There is hope for those with acute stress and post-traumatic stress disorder. Treatment plans can help. Here are some options.

There is hope and help for acute stress and post-traumatic stress disorder.
There is hope and help for acute stress and post-traumatic stress disorder.
Photo compliments of Noah Buscher

Acute stress disorder develops up to several weeks following a traumatic event. Post-traumatic stress disorder, on the other hand, is more of a long-term condition, often associated with on-going experiences such as war or sexual abuse.

Each of these disorders should be diagnosed by a doctor, counselor, or psychiatrist. A confirmed diagnosis will be followed with a treatment plan, which will be tailored to a patient’s individual needs.

Assessing Acute Stress and Post-traumatic Stress Disorder

The following is a list of considerations when developing a treatment plan.

  • 1. Age
  • 2. Gender
  • 3. Ethnic and Cross-Cultural Factors
  • 4. Medical
  • 5. Other Psychiatric Comorbidity Such as Depression
  • 6. History of Previous Traumas
  • 7. Aggressive Behavior
  • 8. Self-Injury
  • 9. Suicidal Behaviors

Treatment For Acute Stress and Post-traumatic Stress Disorder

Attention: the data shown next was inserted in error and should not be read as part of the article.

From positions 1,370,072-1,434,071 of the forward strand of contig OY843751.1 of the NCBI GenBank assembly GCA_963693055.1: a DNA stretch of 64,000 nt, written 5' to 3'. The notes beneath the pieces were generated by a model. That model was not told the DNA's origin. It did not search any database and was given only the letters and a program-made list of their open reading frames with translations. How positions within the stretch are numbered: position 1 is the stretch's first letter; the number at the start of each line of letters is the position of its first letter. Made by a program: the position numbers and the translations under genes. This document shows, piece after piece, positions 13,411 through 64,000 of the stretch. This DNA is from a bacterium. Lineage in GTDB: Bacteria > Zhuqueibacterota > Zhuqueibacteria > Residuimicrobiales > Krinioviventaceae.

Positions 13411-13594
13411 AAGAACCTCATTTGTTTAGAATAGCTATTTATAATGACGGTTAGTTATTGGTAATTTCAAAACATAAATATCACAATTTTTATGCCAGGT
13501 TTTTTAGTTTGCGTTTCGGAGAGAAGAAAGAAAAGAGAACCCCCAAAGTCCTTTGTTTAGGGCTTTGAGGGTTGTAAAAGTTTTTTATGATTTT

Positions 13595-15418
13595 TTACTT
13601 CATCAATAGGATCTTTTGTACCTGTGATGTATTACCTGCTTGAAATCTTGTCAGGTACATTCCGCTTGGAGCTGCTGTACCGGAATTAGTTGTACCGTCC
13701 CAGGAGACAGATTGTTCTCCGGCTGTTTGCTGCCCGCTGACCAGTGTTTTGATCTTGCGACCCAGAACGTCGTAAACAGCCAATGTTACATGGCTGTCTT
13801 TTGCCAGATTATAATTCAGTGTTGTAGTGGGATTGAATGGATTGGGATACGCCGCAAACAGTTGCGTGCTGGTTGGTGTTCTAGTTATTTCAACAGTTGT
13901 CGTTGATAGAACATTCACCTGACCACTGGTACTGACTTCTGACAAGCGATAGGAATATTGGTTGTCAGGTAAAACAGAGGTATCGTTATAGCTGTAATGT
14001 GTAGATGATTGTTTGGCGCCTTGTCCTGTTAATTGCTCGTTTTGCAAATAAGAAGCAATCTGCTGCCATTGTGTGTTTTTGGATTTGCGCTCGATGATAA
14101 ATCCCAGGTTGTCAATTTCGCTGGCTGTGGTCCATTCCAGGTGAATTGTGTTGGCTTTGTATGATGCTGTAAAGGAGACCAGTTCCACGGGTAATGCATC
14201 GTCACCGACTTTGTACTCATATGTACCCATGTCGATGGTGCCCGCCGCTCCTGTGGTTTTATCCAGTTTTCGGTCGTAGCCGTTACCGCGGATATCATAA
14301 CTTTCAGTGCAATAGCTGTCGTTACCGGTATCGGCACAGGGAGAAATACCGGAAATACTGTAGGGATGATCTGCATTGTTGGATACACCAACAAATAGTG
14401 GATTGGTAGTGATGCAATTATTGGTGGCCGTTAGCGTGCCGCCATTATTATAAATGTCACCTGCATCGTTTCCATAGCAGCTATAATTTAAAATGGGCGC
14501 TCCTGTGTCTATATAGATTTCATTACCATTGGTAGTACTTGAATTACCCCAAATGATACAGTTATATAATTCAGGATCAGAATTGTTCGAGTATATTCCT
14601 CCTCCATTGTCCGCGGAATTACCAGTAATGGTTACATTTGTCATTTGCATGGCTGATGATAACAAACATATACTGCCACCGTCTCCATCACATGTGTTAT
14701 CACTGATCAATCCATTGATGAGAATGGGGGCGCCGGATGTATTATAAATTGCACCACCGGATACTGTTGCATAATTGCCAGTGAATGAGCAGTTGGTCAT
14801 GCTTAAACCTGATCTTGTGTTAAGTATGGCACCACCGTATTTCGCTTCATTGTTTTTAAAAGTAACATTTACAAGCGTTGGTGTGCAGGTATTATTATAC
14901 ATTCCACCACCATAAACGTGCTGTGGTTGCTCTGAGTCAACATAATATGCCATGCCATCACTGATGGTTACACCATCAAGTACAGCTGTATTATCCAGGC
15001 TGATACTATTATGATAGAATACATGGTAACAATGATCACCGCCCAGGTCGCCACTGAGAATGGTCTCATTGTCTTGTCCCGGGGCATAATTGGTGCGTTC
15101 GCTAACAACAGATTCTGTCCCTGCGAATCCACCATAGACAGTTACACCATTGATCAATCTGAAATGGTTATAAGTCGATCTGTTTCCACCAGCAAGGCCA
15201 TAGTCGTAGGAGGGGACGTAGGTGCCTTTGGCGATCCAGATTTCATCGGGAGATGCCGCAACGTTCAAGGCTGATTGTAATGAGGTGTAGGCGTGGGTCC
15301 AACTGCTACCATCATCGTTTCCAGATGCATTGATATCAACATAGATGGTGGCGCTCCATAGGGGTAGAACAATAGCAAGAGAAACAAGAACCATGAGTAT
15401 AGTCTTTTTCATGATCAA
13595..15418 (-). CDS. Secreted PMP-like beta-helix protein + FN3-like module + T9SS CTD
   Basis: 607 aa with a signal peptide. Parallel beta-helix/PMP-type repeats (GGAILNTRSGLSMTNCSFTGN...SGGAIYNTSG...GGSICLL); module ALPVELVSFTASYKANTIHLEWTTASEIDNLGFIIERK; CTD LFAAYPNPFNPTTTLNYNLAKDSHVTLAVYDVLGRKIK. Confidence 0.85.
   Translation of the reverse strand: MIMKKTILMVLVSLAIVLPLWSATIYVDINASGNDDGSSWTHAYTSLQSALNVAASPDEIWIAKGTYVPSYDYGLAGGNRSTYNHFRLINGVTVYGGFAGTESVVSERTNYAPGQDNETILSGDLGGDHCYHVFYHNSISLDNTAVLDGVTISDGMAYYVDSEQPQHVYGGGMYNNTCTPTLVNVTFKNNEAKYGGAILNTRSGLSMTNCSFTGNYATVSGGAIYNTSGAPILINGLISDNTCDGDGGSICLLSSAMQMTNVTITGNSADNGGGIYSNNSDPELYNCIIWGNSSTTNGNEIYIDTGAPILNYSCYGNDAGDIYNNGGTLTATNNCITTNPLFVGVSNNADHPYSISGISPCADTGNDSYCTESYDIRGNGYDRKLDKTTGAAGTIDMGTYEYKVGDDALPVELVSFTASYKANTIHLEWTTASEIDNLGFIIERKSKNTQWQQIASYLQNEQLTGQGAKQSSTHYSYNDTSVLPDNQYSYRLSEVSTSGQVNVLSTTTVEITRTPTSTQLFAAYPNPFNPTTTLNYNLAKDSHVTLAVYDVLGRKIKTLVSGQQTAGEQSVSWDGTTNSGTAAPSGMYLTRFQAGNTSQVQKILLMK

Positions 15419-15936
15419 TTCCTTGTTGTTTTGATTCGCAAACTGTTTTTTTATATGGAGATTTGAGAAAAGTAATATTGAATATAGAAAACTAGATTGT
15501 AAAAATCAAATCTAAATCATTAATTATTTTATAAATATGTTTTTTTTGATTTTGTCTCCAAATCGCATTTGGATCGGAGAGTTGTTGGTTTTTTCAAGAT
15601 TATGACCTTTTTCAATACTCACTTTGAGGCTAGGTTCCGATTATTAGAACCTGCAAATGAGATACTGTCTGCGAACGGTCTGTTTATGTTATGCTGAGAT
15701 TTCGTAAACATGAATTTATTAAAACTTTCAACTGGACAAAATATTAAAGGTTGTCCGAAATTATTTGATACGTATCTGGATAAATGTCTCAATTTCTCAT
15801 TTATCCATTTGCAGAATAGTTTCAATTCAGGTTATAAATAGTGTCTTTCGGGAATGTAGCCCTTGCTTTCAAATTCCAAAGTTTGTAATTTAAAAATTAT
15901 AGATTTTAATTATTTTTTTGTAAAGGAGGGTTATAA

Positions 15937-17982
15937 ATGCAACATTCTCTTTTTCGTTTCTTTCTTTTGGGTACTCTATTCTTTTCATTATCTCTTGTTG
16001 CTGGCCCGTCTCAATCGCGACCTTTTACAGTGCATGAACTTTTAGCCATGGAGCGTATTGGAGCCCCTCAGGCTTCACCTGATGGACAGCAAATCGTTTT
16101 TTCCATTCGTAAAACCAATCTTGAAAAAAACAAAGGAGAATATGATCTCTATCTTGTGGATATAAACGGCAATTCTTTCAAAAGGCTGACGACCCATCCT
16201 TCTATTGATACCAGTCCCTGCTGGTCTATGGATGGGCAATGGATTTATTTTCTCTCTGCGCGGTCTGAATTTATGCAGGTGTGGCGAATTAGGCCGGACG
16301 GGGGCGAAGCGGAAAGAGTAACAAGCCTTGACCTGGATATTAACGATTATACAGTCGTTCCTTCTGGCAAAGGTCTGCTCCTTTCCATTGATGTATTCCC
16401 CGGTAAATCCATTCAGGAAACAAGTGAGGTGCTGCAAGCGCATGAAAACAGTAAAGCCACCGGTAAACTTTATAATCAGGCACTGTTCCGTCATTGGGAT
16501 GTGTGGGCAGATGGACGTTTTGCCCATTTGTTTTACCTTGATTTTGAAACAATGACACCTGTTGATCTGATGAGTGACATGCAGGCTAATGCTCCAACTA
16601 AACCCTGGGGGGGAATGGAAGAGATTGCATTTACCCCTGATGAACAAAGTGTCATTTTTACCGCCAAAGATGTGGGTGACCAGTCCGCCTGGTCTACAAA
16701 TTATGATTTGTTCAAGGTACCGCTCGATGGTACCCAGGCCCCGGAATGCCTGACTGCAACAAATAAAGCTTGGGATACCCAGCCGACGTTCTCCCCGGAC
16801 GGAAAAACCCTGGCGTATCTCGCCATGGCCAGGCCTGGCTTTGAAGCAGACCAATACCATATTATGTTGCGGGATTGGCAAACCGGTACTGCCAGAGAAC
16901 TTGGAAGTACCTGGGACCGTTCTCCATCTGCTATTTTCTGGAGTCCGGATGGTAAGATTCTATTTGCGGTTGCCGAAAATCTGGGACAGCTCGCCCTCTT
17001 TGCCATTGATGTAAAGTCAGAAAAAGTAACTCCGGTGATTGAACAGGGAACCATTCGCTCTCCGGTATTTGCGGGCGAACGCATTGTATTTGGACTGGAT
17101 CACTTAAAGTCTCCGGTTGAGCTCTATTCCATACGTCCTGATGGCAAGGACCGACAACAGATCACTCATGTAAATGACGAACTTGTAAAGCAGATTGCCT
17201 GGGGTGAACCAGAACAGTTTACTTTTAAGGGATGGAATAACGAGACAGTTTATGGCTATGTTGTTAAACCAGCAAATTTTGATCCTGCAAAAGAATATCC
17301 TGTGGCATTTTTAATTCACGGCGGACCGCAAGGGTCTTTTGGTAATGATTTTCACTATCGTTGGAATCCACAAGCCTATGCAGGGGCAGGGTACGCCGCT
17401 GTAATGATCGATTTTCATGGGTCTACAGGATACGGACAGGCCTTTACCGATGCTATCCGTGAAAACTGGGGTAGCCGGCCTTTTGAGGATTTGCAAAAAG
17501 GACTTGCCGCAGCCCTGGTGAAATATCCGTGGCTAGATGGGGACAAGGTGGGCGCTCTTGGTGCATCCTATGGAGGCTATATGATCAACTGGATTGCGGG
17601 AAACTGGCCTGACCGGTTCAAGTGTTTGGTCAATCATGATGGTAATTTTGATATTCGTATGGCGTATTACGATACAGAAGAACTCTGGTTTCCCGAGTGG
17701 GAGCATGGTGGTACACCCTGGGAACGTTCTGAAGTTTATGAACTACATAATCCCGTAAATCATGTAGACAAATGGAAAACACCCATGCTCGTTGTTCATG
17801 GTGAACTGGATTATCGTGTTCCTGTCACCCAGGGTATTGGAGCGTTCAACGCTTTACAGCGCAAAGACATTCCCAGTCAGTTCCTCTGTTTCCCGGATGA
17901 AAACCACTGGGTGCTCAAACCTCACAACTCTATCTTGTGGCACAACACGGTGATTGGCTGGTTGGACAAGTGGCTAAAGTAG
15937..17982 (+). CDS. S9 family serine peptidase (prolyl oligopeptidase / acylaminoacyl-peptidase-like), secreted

Medication

Treatment for acute stress and post-traumatic stress disorder may include the following medications:

  • 1. Antidepressants
  • 2. SSRIs
  • 3. Tryciclic antidepressents
  • 4. MAOIs
  • 5. Benzodiazepines

Therapies

Treatment for acute stress and post-traumatic stress disorder may include the following therapies:

  • 1. Psychodynamic therapy
  • 2. Cognitive therapy
  • 3. Behavioral therapy
  • 4. Group therapy
  • 5. Counseling sessions
  • 6. Eye movement desensitization and reprocessing (EMDR)
Medication is a treatment option for acute stress and post-traumatic stress disorder.
Medication is a treatment option for acute stress and post-traumatic stress disorder.
Photo compliments of freestocks

Have you have experienced trauma, either recently or in the past? Do you feel unwell? See a doctor. While a list of treatments may sound confusing or overwhelming, your doctor can develop a plan with your input.

Prescription medications are often used to treat acute stress or post-traumatic stress disorder. If treatment doesn’t seem effective initially, don’t give up! Treatment for trauma is not a Band-Aid and relief may be gradual. If you’re currently experiencing a traumatic event, see a crisis interventionist as soon as possible. The sooner the intervention, the faster you will heal.